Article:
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These experiments show that the atmosphere presses in all directions, upwards, downwards, and laterally. This subject has been dwelt on somewhat particularly, because the atmospheric pressure forms an important element, and a mechanical power in the construction of steamengines, atmospheric railways, and other modern inventions, which are now of such great utility in propelling carriages along railways, and steam-vessels across seas and oceans.

CHAPTER III.

Facts illustrated by the pressure of the atmosphere.

Let Us now attend to a few facts which the pressure of the air tends to explain and illustrate.

1. The atmospheric pressure explains the nature of the process vulgarly termed suction. When we attempt to take a draught of water out of a bason, or a running stream, it is commonly said that we draw in the water by suction; whereas the fact is, that instead of drawing the water into the stomach, we only draw the air into the lungs, and the atmosphere performs the other part of the operation. The process is simply this:—We immerse our lips into the water, so as to prevent the entrance of air into the mouth; we then make a vacuum in the mouth by drawing the air into the lungs, after which the pressure of the atmosphere upon the surface of the water forces it upwards into the mouth. That such is the process of receiving a draught of water when the mouth is held downwards, appears from this circumstance, that if the lips do not touch the water, we might draw in the air by what is called suction for twenty years, and not receive a single drop into the mouth.

The same principle explains the action of a child sucking the breast of its nurse. ' The operation of cupping is performed in the same way. In this case, the operator takes a small glass, close at the top, and holding it for some time over the flame of a candle, or lamp, the air is thereby rarefied, and part of it drawn out. The glass is then suddenly placed on the part of the body to be cupped, and adheres to the flesh by the external pressure of the air.The flesh rises in the glass, and the blood and serosities are forced from the wounded vessels into the glass by the atmospheric pressure on the parts around.

2. It is owing to. the atmospheric pressure that two polished surfaces, which accurately fit each other, adhere with great force. This fact is well known to glass-grinders and polishers of marble. A large lens, when ground very smooth, requires more than the strength of a single individual to pull it directly from the tool. If the surface is only a square inch, it will require fifteen pounds to separate them perpendicularly, though a very moderate force will make them slip along each other. Were the surface six inches square, the force requisite to separate the two pieces would be equal to five hundred and forty pounds. But this cohesion is not observed, unless the surfaces are wetted or smeared with oil or grease, otherwise the air gets between them, and they separate without any trouble. That this cohesion is owing to the atmospheric pressure, is evident from the ease with which the plates may be separated in an exhausted receiver by means of the air-pump. The same cause contributes in a powerful degree to give effect to the cohesion of bodies by means of mortar and cements. When two pieces of wood are to be glued together, their surfaces are first made as smooth as possible; a glutinous substance is then applied to fill up all the pores and inequalities; they are then pressed together, which prevents the air from insinuating itself between them, and the external air then presses upon them with a ■ force of fifteen pounds on every square inch. There can be no question that the stability ot our houses and garden walls depends, at least in a great measure, upon the same principles; for the more completely every crevice between the bricks or stones is shut up, by means of mortars and cements, from the insinuation of the external air, the more firm and stable is the building.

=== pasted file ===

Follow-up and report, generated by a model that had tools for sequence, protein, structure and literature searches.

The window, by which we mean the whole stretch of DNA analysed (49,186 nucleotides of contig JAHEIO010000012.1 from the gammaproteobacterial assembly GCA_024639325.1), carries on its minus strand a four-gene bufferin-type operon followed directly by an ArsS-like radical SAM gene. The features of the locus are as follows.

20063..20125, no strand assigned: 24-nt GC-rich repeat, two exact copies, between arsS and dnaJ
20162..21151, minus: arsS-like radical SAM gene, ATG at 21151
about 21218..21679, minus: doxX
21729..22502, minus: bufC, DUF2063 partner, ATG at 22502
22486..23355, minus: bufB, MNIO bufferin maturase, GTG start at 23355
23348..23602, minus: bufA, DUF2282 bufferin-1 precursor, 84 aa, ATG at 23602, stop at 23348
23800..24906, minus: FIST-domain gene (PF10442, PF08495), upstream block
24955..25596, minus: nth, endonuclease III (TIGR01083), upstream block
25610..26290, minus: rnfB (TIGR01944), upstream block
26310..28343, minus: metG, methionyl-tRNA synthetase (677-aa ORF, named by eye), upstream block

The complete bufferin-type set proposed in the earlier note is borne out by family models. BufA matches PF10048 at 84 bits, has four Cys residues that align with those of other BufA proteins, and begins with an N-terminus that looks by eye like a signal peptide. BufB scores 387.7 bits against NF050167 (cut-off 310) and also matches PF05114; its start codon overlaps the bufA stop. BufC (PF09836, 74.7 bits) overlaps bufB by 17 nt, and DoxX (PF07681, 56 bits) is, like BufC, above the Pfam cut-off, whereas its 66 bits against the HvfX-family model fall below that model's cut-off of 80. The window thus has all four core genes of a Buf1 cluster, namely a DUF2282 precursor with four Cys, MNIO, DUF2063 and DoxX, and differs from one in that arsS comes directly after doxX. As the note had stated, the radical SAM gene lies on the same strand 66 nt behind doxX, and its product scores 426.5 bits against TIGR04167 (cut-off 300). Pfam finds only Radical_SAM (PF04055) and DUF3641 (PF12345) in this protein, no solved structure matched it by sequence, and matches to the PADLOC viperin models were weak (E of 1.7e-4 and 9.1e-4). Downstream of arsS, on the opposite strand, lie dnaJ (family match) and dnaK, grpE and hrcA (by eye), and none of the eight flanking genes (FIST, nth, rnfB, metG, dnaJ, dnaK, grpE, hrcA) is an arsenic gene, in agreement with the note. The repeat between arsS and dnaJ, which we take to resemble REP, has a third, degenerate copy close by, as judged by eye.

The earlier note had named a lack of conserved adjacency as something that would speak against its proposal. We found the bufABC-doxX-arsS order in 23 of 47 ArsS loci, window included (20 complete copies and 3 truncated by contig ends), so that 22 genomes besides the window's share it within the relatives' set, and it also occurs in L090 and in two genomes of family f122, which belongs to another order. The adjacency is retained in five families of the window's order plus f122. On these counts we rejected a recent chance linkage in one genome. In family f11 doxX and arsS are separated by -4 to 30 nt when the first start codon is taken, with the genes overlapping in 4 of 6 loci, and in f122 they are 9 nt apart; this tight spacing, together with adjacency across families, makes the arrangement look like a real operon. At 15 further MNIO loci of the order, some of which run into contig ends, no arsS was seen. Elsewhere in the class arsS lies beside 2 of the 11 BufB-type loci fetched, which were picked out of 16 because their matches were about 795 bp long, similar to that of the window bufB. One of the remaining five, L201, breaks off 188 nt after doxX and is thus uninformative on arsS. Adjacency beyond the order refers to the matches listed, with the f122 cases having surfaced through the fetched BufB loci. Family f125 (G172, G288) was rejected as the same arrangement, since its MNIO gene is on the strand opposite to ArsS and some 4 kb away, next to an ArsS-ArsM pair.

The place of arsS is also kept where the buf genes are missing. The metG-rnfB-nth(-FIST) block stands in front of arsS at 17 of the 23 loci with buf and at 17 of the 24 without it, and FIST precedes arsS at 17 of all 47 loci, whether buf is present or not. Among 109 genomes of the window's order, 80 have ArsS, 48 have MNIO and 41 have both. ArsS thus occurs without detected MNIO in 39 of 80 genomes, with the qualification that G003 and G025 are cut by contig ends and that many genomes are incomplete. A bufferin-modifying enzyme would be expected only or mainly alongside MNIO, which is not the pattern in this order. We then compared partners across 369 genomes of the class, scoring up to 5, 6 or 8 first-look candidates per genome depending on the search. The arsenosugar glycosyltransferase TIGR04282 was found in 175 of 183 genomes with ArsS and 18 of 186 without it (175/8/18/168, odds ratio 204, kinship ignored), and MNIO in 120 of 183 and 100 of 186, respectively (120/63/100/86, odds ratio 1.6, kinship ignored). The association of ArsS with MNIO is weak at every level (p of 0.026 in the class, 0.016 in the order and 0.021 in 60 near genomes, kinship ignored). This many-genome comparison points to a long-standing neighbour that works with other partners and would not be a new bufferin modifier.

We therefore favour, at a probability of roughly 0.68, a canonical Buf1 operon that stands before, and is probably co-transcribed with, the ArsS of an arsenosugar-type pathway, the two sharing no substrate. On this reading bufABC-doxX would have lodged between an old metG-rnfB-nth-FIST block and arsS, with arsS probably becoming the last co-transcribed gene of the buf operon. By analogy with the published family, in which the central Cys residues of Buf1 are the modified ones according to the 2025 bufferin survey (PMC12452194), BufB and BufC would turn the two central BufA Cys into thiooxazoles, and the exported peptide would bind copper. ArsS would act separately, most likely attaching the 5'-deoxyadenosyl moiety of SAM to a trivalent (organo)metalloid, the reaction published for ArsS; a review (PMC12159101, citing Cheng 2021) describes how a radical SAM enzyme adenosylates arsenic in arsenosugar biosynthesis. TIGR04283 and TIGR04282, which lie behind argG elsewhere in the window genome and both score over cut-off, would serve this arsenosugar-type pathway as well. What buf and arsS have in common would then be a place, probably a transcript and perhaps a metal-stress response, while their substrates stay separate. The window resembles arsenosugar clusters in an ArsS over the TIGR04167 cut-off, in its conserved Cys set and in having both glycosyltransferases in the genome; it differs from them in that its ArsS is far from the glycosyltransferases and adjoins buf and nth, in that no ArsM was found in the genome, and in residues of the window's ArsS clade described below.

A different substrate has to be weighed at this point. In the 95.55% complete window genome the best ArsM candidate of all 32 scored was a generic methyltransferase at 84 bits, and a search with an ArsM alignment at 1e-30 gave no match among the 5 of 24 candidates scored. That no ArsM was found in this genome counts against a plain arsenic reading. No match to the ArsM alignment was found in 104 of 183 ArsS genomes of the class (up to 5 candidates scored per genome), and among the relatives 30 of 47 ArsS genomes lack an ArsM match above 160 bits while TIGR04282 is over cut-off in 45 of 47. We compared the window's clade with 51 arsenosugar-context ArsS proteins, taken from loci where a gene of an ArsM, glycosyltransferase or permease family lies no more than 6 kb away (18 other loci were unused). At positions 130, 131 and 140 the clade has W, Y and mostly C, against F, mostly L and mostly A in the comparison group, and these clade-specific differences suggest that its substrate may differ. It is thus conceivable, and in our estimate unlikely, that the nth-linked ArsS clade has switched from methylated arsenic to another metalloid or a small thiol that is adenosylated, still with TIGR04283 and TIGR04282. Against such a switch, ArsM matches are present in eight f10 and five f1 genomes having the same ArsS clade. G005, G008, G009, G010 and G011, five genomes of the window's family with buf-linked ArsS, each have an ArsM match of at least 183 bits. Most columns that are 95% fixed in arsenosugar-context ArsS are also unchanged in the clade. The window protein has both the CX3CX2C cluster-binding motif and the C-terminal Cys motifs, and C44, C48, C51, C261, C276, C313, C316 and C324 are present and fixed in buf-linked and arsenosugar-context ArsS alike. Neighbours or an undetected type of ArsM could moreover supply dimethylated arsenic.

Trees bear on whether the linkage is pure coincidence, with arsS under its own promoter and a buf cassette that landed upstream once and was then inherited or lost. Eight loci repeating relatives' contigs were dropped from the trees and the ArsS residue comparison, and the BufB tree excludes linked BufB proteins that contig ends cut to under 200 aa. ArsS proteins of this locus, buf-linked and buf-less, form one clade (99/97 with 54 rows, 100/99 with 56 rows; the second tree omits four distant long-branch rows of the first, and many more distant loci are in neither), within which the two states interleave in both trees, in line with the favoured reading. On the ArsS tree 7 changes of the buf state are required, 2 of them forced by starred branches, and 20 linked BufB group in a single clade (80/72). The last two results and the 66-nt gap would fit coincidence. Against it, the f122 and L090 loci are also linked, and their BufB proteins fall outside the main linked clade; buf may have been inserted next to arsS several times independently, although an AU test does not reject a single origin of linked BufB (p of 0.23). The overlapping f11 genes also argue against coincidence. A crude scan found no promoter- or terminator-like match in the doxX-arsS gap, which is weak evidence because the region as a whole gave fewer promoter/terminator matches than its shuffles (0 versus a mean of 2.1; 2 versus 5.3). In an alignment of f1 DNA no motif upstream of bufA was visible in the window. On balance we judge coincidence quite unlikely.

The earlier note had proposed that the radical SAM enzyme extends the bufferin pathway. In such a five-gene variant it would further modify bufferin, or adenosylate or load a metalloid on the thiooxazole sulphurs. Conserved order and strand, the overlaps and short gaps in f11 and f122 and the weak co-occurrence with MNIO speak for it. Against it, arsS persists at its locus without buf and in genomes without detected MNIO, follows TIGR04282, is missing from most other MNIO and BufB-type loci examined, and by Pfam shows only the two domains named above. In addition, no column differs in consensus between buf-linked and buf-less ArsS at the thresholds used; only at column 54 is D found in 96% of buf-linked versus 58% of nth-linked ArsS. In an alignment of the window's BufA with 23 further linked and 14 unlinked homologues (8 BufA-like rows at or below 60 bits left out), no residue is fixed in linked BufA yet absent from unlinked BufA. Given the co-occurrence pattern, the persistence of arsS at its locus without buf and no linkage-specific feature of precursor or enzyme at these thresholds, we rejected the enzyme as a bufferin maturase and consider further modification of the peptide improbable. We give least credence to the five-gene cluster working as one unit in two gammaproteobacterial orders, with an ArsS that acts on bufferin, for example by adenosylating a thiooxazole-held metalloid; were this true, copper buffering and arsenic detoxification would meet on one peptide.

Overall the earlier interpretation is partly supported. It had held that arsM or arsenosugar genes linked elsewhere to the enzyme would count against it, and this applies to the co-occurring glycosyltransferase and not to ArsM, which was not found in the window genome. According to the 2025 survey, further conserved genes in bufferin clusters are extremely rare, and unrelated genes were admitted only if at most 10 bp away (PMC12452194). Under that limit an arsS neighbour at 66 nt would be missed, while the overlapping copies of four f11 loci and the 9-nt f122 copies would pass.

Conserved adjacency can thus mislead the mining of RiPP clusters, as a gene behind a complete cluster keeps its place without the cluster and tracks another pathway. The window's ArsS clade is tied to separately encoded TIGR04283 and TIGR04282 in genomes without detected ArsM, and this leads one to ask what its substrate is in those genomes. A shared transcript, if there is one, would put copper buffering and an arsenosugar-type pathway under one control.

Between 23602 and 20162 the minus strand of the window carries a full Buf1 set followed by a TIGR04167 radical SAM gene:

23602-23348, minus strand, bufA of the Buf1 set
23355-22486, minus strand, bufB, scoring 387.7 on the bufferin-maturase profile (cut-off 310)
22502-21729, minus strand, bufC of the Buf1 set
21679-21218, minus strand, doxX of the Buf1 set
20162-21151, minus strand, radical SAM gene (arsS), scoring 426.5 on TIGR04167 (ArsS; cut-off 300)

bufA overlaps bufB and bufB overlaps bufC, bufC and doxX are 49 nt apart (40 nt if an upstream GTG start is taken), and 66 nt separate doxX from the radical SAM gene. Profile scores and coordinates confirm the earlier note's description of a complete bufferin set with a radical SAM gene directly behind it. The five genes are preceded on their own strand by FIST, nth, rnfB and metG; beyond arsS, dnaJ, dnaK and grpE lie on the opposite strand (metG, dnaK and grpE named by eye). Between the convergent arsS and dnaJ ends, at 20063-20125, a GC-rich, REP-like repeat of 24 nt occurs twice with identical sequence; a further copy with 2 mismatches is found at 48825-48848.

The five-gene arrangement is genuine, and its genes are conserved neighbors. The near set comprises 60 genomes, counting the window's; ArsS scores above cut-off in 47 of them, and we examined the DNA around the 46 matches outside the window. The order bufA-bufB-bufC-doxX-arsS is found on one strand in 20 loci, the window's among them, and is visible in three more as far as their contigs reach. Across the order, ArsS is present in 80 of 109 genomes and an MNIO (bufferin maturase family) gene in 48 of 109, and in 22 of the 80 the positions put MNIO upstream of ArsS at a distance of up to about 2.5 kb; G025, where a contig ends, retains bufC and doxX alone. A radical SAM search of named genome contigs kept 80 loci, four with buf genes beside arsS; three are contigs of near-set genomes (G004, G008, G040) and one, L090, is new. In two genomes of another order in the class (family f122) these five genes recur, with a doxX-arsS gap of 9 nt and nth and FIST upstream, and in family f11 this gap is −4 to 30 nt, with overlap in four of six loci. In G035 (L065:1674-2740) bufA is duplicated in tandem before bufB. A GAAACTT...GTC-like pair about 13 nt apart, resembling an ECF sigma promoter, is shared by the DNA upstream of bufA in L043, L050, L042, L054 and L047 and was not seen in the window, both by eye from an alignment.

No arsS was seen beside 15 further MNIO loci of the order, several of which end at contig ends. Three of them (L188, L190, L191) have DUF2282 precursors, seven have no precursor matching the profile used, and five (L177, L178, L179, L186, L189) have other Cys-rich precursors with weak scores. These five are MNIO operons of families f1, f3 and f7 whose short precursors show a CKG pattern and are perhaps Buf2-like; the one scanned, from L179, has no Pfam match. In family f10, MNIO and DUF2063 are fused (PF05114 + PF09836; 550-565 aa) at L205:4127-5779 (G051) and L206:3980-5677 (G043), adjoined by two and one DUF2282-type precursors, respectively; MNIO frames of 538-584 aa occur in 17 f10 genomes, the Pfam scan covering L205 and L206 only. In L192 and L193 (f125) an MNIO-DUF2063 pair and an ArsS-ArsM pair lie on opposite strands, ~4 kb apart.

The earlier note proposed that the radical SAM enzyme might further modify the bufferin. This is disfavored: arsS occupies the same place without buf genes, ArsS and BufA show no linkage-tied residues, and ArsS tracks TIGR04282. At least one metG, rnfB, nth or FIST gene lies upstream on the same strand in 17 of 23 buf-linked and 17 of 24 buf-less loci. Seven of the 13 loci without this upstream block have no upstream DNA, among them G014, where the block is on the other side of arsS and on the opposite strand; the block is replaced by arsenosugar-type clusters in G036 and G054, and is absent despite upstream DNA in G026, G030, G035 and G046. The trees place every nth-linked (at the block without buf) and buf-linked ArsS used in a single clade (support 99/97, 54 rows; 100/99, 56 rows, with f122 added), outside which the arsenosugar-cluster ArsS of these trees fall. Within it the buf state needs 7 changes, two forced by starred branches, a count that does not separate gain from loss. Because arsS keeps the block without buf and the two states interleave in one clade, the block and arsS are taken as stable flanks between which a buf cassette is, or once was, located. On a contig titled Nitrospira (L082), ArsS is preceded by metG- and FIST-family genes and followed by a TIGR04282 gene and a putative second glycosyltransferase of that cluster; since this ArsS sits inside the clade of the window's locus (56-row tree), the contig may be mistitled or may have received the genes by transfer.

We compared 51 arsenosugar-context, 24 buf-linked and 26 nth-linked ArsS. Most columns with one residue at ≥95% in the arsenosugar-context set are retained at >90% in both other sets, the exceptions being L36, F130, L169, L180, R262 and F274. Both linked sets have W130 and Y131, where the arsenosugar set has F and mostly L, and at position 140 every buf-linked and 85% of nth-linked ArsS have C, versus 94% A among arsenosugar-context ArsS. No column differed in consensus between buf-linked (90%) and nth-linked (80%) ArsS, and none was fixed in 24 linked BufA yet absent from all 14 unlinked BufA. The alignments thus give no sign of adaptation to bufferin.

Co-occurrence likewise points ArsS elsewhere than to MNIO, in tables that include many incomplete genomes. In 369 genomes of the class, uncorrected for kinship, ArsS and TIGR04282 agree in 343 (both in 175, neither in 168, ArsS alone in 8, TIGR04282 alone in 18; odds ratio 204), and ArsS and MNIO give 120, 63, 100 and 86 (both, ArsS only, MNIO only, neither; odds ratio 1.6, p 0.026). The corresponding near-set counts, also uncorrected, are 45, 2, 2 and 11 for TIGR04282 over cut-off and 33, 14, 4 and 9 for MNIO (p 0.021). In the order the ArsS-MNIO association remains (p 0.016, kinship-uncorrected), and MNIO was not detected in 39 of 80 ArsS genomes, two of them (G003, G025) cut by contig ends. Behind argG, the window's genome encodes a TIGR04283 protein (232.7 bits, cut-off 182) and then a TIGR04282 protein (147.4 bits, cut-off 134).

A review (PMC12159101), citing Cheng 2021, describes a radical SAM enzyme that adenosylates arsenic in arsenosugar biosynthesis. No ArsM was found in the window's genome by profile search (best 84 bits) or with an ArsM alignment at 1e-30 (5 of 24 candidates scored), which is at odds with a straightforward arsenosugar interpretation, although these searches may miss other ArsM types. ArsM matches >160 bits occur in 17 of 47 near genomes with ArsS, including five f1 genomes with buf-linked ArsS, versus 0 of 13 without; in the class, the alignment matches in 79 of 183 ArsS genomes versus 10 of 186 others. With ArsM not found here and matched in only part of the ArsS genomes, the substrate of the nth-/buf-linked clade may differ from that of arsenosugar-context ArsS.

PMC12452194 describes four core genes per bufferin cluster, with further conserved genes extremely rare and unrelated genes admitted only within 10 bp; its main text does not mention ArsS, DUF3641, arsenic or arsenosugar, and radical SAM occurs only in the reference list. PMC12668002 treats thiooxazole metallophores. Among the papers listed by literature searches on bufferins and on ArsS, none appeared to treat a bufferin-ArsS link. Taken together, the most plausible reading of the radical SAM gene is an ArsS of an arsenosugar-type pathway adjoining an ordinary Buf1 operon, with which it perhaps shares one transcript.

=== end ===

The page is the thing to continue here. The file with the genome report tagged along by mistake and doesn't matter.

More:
To the same cause is to be attributed the action of a boy's sucker in lifting large stones from the ground. The sucker is made of stiff wetted leather fastened to a string; the moisture upon the leather, when it is pressed down upon the stone, prevents the air from getting in between the leather and the stone, and if the sucker be four inches square, it will require a force of two hundred and forty pounds to separate it from the stone. In certain cases, such contrivances, on a large scale, might be sometimes useful as a mechanical power.

3. Another circumstance which is accounted for on this principle is, the strong adhesion of snails, periwinkles, limpets, and other molluscous animals, to the rocks on which they are found. The animal forms the rim of its shell so as to fit the shape of the rock on which it intends to cling. It then fills its shell either with its own body or with water. In this condition, it is evident, that we must act with a force equal to fifteen pounds on a square-inch before we can detach it from the rock. This may be illustrated by filling a drinking-glass to the brim with water, and, having covered it with a piece of thin wet leather, place it upon a table, and it will be found to require a very considerable force to pull it straight upward. But, if we place a snail adhering to a stone in an exhausted receiver, it will drop off by its own weight. It is owing to the same cause that bivalve mollusca, such as oysters and mussels, keep their shells so firmly shut, and require such a degree of force to open them. But, if we grind off a bit of the convex shell, so as to make a small hole in it, the air gets in, and it opens with the greatest ease. The same thing takes place when it is put under the exhausted receiver of an air-pump. It has been lately discovered that it is owing to the same principle that flies and other animals

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